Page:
When it comes to combat Death’s Door is similar to many of the games that came before it. Games like Moonlighter, Hyper Light Drifter, and even a little bit like Enter the Gungeon. On the Xbox, X is attack, A is roll, R is heavy attack, and L1 + B is a ranged attack. For the most part, the combat is great. There is a great mix of rolling and swordplay. Whereas the range attack is a distant third due to the need to build up MP.
This mix works due to the fact that, while the combat is solid and fantastic, the combination of L1 + B for a ranged attack is tedious and clunky. I understand what Acid Nerve is trying to do with the controls. They want holding L1 and pressing B to feel like a two-handed attack. It is a departure from the games that came before it and it just does not work out that well. Pressing two buttons while pointing the movement stick to aim often leaves you missing your mark. As the game progress, this becomes increasingly frustrating.
Difficulty and Accessibility
When it comes to difficulty, there are no sliders to change settings. Nor can you change the button mapping on the controller. In fact, the audio mix, language, and screen shake are the only settings you can change. For a game in 2021, this was a surprising take on difficulty and accessibility. though none of the dialog is spoken, leaving Death’s Door open for the hearing impaired. The lack of options may turn off some from outside the core audience.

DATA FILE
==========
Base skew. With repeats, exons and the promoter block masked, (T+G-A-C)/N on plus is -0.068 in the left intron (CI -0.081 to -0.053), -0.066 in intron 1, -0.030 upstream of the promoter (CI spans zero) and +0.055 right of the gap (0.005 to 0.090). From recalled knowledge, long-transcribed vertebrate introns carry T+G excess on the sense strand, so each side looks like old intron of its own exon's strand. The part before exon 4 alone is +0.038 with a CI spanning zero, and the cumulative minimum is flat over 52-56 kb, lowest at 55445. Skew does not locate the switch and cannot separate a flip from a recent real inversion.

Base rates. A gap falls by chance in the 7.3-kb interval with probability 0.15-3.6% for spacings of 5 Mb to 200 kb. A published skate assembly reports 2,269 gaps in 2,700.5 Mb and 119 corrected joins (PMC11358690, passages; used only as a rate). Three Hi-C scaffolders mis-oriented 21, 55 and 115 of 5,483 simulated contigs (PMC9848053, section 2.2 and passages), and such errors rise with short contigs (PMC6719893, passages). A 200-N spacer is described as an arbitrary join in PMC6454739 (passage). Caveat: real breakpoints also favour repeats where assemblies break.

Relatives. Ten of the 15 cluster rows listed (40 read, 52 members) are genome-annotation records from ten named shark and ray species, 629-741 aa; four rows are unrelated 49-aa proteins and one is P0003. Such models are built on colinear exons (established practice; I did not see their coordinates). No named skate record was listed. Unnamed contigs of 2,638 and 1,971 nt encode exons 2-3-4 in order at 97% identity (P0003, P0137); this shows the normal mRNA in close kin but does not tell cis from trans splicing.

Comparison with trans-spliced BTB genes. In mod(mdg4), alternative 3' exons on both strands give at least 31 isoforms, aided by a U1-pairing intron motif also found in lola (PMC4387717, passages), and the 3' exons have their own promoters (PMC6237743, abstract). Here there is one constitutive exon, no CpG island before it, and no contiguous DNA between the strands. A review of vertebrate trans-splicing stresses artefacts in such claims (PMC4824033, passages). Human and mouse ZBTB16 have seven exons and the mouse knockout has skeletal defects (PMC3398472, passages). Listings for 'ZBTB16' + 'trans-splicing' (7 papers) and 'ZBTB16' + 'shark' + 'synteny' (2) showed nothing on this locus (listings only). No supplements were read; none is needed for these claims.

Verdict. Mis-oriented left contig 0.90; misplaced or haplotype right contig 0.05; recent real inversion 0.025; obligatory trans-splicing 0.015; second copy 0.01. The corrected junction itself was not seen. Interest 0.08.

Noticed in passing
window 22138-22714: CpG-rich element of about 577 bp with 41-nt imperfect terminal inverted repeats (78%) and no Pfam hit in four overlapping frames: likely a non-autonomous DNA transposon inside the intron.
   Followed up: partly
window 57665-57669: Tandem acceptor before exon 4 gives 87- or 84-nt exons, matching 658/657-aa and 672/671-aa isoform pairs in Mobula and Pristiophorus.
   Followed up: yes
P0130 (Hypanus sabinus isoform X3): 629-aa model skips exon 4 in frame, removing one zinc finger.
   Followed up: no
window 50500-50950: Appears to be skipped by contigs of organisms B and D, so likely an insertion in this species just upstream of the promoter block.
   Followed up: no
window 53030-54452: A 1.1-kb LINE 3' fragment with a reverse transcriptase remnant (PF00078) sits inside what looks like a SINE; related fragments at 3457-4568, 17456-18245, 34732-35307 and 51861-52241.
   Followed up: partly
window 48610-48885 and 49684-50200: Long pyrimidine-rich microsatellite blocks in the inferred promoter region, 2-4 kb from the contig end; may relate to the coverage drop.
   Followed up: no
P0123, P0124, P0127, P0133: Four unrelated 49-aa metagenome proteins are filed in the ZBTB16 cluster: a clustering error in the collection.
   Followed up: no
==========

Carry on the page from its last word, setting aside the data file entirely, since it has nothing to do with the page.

My lone issue with Death’s Door’s difficulty is not that the game is hard. In fact, I do not find the game to be difficult overall. For the most part, I think Acid Nerve can get away with having limited options. Although there are two or three parts that feel as if their sole purpose was to frustrate the player. To make things less difficult would be to change the design of these moments altogether. Something you cannot do from a menu slider.
One small area, and one boss fight, in particular, lacked clever design and sought out to be difficult for the sake of being difficult. For instance, a Yeti that rolls towards you can adjust his direction in mid air after you roll under him. Or painful platforming sequences involving L1 + B spells to traverse. I assume that some casual players will just quit on Death’s Door during one of these moments. Yet those that stick through, and can forgive the lack of a map, will have a solid experience that is fun overall. Especially considering it is not a Souls-Like game, dying does not particularly punish the player.
From a technical standpoint Death’s Door is favorable. The lighting and reflections are fantastic and make for great use of the Xbox Series X. The framerate is a rock-solid 60 FPS, all while in 4K resolution. Yet not to be outdone by the visual fidelity, Death’s Door has a superb score that is fully allied with the art style and action. While fine from the TV, I took the opportunity to test out the new official Xbox headset. Adding a nice pair of headphones gives another layer of depth to the audio.
Overall Death’s Door is a fantastic experience. One that will inevitably be a nice indie console exclusive score for Xbox. If you can get past two or three challenging parts, what’s there is an adorably comical game that will never hold your hand. If Xbox is your only platform of choice, you may not have a Breath of the Wild but, here is your Link’s Awakening.